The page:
Following the requisite front matter (e.g., missives from representatives of various institutional partners), an introduction by the museum’s curator and principal author (Barker), a map, and a useful chronological chart), the volume opens in earnest with a brief history of the Nicholson’s Cypriot collection, coupled with the presentation of five artifacts that illustrate various aspects of this acquisition history: a Mycenaean IIIC:1 squat jar (presented by the museums eponymous founder, Sir Charles Nicholson in 1860), a late Roman glass flask (from the Cesnola Collection of the Metropolitan Museum of Art in New York), a Late Cypriot terracotta kourotrophos (on permanent loan from the Museum of Classical Archaeology at Cambridge), and two Bichrome IV amphorae (including the so-called “Woodhouse Amphora” donated by the widow of W. J. Woodhouse, a former Professor of Greek at the University of Sydney and Honorary Curator of the museum from 1903 to 1927). This delightful format, which weaves brief essays with featured artifacts, is sustained throughout the book. For example, following an essay detailing Stewart’s archaeological work on Cyprus by Barker, three Early and Middle Cypriot vessels from Vounous and Ayia Paraskevi are illustrated, linking object-provenance to Stewart’s own excavations. Likewise, an essay on the excavations of Basil Hennessy (a student of Stewart) at Stephania is followed by entries for three vessels discovered in tombs from that cemetery. Three Hellenistic lagynoi complement an essay by Kehrberg on that vessel type, its connection to Ptolemaic Egypt and its widely-dispersed production in the Mediterranean.

As suggested above, the twelve short essays peppered throughout the volume take on a wide range of subjects and tone. Some offer biographical or anecdotal accounts directly related to Stewart’s (and his wife, Eve’s) legacy: work on Cyprus (Barker, Powell); Stewart’s ancestral house/self-made Cyprological study center at Bathurst in New South Wales (Barker); an exhibition held after Stewart’s death in 1962 displaying artifacts from his excavations at Karmi located 9 km west of Kyrenia (Barker); the work of Hennessy at Stephania, near Myrtou in northwest Cyprus (Barker), and a personal reflection of the Nicholson’s museum displays of ancient material from past to present (written by Merrillees, one of Stewart’s students and former Director of CAARI). Other essays offer discussions related to artifact types (Animals in Cypriot Art [Mrva-Montoya], Hellenistic Lagynoi [Kehrberg] or on-going Australian excavation projects in Cyprus (Early and Middle Bronze Age sites excavated by La Trobe University [Webb] and the ancient theater at Nea Paphos [Green and Barker]. The initial essay on the collection by Barker is book-ended by an interesting contribution by Conroy on the dynamic collaborations between Australian artists and archaeologists in Cyprus.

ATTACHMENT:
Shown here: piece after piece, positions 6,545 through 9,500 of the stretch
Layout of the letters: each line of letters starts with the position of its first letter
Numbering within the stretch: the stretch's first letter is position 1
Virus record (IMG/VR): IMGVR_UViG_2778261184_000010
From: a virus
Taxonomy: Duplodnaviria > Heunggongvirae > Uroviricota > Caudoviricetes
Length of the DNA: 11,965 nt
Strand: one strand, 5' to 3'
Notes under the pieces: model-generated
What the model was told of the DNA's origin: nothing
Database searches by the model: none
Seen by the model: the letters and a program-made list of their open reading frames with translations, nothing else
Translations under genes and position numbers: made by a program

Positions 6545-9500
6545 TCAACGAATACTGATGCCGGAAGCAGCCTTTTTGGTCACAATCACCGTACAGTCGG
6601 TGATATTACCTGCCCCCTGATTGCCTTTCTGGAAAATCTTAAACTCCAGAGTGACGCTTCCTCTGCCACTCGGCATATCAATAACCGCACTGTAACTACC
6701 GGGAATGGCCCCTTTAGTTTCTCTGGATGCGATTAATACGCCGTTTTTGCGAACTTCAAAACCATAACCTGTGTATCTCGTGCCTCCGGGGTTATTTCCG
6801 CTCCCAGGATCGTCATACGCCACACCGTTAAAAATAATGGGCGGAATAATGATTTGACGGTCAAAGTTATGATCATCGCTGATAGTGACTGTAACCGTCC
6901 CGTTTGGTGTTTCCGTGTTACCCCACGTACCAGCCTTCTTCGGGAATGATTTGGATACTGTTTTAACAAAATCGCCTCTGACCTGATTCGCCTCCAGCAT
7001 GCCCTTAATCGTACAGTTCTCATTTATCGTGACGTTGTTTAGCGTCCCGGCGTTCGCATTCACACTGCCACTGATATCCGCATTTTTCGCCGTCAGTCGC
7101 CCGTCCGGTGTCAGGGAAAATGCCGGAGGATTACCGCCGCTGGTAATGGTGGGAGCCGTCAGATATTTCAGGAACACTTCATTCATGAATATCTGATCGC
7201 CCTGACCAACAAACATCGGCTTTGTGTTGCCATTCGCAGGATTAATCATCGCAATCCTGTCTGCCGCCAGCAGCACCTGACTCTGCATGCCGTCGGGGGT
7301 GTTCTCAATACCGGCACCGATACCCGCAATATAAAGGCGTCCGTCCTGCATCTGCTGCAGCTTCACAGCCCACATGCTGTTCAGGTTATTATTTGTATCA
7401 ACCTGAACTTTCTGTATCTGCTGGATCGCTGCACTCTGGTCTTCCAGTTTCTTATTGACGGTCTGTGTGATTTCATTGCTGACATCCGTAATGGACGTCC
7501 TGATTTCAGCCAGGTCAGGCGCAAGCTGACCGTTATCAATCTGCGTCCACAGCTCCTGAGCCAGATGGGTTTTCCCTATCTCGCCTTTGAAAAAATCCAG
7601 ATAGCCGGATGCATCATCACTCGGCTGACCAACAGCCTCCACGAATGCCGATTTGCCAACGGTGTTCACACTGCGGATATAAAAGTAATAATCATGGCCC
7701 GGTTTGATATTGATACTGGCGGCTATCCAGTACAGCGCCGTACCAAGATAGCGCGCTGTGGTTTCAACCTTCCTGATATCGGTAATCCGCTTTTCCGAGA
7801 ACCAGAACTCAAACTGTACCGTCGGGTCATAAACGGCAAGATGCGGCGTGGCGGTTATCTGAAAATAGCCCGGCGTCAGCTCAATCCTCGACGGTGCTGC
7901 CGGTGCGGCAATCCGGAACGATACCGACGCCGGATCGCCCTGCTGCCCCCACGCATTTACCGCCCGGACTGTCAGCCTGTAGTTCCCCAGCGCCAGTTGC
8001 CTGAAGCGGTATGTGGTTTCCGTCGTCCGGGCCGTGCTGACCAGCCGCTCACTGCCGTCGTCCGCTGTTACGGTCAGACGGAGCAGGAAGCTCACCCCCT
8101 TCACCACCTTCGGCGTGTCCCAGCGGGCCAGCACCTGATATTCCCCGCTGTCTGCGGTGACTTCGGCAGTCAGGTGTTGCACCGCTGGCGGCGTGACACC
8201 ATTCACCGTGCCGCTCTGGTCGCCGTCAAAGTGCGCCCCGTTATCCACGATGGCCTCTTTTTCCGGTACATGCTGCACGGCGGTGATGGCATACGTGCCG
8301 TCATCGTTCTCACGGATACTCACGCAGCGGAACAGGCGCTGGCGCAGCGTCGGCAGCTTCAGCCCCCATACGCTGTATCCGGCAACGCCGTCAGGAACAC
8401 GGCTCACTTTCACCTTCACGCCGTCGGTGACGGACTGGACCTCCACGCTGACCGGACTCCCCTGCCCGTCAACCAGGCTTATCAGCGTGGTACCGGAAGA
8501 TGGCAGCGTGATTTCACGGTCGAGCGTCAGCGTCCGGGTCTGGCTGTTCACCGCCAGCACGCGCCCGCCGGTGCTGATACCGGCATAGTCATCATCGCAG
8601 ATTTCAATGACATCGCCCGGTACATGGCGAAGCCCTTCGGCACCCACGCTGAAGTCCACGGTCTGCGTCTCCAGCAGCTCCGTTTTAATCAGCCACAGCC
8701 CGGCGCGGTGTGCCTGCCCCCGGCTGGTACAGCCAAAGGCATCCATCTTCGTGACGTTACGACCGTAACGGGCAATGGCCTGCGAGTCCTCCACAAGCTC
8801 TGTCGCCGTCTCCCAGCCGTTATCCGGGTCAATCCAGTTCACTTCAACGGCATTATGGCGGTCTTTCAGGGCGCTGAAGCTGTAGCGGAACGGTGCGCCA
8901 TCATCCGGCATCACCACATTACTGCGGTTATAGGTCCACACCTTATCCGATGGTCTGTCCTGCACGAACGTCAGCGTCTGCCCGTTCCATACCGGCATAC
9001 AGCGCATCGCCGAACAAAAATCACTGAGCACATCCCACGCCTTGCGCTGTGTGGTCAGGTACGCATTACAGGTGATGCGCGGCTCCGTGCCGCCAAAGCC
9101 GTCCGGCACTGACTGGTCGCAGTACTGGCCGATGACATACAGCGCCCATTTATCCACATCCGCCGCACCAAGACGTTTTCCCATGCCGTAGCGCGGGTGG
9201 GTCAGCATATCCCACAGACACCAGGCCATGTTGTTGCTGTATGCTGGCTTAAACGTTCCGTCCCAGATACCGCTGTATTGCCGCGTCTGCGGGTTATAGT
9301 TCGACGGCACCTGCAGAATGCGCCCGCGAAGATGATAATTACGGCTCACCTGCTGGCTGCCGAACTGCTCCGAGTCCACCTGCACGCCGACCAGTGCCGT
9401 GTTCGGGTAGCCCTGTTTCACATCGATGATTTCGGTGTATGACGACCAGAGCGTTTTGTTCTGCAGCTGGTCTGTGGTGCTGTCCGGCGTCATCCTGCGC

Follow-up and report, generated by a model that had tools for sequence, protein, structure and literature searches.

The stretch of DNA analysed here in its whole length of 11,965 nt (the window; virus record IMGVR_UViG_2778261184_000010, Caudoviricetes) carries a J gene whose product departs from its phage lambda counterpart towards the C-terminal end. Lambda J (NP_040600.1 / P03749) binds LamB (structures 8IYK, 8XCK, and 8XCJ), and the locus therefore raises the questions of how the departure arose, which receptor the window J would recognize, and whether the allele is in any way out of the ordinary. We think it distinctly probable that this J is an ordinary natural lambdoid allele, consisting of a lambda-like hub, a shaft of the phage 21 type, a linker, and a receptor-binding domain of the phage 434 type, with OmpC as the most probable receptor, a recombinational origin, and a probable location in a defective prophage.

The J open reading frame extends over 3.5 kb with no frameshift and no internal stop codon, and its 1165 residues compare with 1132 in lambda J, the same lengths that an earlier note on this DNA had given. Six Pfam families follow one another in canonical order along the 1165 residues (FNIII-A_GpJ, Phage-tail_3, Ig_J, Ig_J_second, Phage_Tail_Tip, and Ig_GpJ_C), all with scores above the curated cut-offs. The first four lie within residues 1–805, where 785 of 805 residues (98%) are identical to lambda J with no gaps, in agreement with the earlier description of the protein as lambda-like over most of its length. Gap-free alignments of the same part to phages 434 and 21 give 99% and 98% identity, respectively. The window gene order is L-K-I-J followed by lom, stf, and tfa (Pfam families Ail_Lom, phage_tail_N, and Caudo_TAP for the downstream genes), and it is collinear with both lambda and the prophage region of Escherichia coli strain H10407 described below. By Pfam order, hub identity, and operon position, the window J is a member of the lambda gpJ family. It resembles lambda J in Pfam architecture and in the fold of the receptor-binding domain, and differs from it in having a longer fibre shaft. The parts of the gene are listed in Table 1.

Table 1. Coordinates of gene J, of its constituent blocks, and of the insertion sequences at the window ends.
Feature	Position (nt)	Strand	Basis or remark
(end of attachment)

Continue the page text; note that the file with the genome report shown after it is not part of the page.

The essays and object descriptions are well written and informative, with citations to specialized publications for further reading. Neither the format nor the material presented warrants an overly critical review. The only error that should be noted is the misidentification of a Classical wreathed votary head (58) as a “Small Head of a Female Figure”; the figure is male and conforms to a ubiquitous type of limestone votary with vegetal wreath common in sanctuaries throughout the island (e.g., A. Hermary, Musée du Louvre, Département des antiquités orientales: Catalogue des antiquités de Chypre. Sculptures. [Paris, 1989], 203-19). Barker and his colleagues are to be congratulated for organizing the exhibition and this pleasing catalogue, which highlights the important contributions of Stewart, but also admirably accomplishes it stated goal to “introduce a new generation of museum visitors to the beauty and wonder of ancient Cypriot arts” through the museum’s collection (13).